Homesteading exhibit comes to Nose Creek Museum
Thursday, Aug 07, 2014 10:23 am
The Nose Creek Valley Museum is hosting the Homesteading Alberta art exhibit from July 30 to Aug. 25.
Homesteading refers to people who immigrated from Europe during the late 19th century and the early 20th century. The theme for the homesteading exhibit will be on the early 20th century with a focus on country and religious life.
“It’s all about how community and culture has influenced today’s culture,” museum employee Nicole Proseilo said. “It’s a great way to learn more about some of Alberta’s history.”
The exhibit will highlight two Albertan artists, Orest Semchishen and Doris Zaharichuk. There will also be artwork and photography from Illingworth Kerr, Raymond Can Nes and Daphne Stankievech.
Semchishen was born in Mundare, Alberta in 1932. The Ukranian descendant undertook a project in the 1970’s to photographically document the Byzantine churches of Alberta.
A radiologist by profession, Semchishen currently resides in Edmonton.
Zaharichuk was born in Willingdon, Alberta in 1934. The Romanian descendant began to paint in the 1970s when her husband passed away. After taking a course in painting at the Edmonton Art Gallery (now Art Gallery of Alberta), she became an oil painter. Some of Zaharichuk’s paintings have been on her past memories, depicting life on a farm and the community she grew up in.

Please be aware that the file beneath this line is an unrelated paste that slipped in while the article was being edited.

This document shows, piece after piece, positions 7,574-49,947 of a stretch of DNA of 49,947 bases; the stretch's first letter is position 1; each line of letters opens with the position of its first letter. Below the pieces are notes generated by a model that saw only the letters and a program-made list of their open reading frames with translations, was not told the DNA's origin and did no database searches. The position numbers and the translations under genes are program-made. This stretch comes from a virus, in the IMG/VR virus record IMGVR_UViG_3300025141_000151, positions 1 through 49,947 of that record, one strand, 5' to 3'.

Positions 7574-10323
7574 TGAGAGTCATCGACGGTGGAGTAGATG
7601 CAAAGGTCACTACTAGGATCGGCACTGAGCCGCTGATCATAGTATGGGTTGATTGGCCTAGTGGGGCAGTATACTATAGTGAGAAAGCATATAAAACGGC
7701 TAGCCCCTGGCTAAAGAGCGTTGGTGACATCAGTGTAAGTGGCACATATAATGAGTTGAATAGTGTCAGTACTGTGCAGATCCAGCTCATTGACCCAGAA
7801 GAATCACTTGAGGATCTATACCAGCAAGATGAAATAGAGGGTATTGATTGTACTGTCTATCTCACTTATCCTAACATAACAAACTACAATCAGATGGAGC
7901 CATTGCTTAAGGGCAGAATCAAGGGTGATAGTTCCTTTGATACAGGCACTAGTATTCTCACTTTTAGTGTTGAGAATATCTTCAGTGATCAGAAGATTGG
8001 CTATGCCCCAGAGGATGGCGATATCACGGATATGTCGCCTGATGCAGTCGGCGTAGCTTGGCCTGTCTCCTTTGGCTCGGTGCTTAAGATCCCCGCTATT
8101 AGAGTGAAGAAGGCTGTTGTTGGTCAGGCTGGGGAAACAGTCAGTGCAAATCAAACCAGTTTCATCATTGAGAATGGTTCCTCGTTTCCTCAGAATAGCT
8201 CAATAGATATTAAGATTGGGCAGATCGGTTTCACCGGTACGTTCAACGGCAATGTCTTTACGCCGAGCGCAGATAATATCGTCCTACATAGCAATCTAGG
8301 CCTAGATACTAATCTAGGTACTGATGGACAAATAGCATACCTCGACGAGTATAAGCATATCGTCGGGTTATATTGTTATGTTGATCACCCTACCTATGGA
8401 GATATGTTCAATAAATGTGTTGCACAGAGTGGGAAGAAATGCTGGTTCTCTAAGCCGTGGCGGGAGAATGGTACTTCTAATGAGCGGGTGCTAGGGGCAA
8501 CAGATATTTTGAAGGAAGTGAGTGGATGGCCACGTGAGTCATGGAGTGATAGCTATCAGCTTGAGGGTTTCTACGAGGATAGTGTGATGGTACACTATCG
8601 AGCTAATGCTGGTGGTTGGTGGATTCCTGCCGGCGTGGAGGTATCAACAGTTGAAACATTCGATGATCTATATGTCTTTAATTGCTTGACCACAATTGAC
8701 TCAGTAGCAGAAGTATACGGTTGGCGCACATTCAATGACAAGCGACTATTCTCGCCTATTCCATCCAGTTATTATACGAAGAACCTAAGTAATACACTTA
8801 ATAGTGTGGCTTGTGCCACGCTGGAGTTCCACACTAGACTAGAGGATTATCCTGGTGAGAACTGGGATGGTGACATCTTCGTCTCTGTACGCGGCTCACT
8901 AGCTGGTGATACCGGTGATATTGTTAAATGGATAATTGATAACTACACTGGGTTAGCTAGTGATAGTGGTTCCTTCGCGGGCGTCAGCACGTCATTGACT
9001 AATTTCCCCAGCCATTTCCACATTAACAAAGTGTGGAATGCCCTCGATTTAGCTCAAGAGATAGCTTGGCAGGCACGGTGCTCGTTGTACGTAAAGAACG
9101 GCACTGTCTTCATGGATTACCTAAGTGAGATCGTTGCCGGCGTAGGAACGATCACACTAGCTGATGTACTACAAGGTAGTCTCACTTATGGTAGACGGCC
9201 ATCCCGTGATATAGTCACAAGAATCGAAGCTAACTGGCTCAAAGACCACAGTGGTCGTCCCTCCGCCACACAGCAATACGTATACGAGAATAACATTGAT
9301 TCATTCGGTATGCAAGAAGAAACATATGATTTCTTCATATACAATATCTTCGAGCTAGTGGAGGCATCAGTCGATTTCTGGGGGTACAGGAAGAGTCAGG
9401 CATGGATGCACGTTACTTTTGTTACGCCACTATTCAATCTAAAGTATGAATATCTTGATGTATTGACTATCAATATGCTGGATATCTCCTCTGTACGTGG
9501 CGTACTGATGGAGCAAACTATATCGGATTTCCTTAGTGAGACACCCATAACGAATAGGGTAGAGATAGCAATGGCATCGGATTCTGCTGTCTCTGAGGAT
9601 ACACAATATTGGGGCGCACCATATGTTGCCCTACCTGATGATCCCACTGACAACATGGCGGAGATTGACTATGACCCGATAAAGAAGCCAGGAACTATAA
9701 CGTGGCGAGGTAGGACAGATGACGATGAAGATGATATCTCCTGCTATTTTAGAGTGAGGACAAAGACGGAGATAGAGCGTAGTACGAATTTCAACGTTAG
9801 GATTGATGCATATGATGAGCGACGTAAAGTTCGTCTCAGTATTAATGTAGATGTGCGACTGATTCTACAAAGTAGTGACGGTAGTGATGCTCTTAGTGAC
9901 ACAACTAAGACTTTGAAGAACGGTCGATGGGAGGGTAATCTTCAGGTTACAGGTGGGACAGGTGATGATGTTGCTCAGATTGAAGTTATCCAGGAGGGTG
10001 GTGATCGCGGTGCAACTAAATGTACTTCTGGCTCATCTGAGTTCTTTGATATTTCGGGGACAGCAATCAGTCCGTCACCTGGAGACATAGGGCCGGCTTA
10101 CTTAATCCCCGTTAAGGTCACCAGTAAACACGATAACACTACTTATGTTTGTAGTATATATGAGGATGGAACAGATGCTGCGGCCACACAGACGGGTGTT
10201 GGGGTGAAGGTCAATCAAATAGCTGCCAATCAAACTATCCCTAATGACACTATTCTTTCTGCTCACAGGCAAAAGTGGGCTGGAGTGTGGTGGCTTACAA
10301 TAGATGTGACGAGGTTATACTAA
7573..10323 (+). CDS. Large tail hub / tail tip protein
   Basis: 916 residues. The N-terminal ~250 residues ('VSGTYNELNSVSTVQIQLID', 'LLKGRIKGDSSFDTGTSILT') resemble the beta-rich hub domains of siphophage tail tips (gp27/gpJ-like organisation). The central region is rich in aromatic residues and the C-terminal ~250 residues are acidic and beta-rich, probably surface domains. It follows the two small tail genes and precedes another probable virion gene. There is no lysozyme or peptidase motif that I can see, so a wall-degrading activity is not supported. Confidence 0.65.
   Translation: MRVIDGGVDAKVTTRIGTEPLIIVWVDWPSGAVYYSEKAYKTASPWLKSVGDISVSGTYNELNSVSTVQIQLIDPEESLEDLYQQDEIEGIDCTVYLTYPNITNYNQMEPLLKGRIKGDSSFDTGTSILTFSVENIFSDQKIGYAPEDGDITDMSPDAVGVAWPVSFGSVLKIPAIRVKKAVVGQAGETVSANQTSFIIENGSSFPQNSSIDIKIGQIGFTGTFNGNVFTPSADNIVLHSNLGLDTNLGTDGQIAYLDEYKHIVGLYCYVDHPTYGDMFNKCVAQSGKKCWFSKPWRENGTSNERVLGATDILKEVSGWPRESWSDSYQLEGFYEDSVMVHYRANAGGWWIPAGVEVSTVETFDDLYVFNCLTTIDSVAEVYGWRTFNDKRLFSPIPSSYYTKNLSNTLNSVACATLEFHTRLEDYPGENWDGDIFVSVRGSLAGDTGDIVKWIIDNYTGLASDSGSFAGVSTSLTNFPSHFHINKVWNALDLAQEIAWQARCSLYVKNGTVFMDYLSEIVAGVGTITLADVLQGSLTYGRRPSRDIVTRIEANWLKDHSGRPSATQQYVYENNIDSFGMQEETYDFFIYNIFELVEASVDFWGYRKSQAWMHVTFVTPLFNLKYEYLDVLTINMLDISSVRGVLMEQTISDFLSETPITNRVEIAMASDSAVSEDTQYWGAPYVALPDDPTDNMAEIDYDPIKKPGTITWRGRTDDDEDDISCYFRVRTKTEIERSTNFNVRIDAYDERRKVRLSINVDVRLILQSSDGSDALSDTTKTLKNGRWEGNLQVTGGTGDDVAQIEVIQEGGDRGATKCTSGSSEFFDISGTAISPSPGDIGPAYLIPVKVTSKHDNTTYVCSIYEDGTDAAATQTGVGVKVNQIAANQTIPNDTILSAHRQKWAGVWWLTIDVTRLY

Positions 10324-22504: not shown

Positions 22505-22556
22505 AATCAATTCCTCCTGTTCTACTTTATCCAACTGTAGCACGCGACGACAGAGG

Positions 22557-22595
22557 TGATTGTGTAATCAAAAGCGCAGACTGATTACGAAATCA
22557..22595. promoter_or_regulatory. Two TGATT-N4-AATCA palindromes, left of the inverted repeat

Homesteads were usually quarter sections of land – or 160 acres of land – from the federal government. The land was granted to immigrants wanting to start a new life in Canada who would work on the land. In Alberta, many of these immigrants were originally from Eastern European countries, such as Romania and Ukraine.
Caroline Loewen, the curator of the Alberta Society of Artists said she has heard positive feedback on the exhibit so far.
“People are enjoying the variety of media and the quality of the pieces,” Loewen said. “Many visitors have been able to relate to the scenes depicted as childhood memories are recalled.”
The exhibit was most recently at the library in Penhold and will be travelling to the library in Whitecourt following Airdrie.
“This exhibition in particular provides people with access to a wonderful collection of artwork that they otherwise wouldn’t get the chance to view,” Loewen said.
There is no added cost for the exhibit. Admission costs at the museum is $2 for adults and free for kids 12 and younger.
For more information, contact Laurie Harvey at the Nose Creek Valley Museum at 403-948-6685 or by email at firstname.lastname@example.org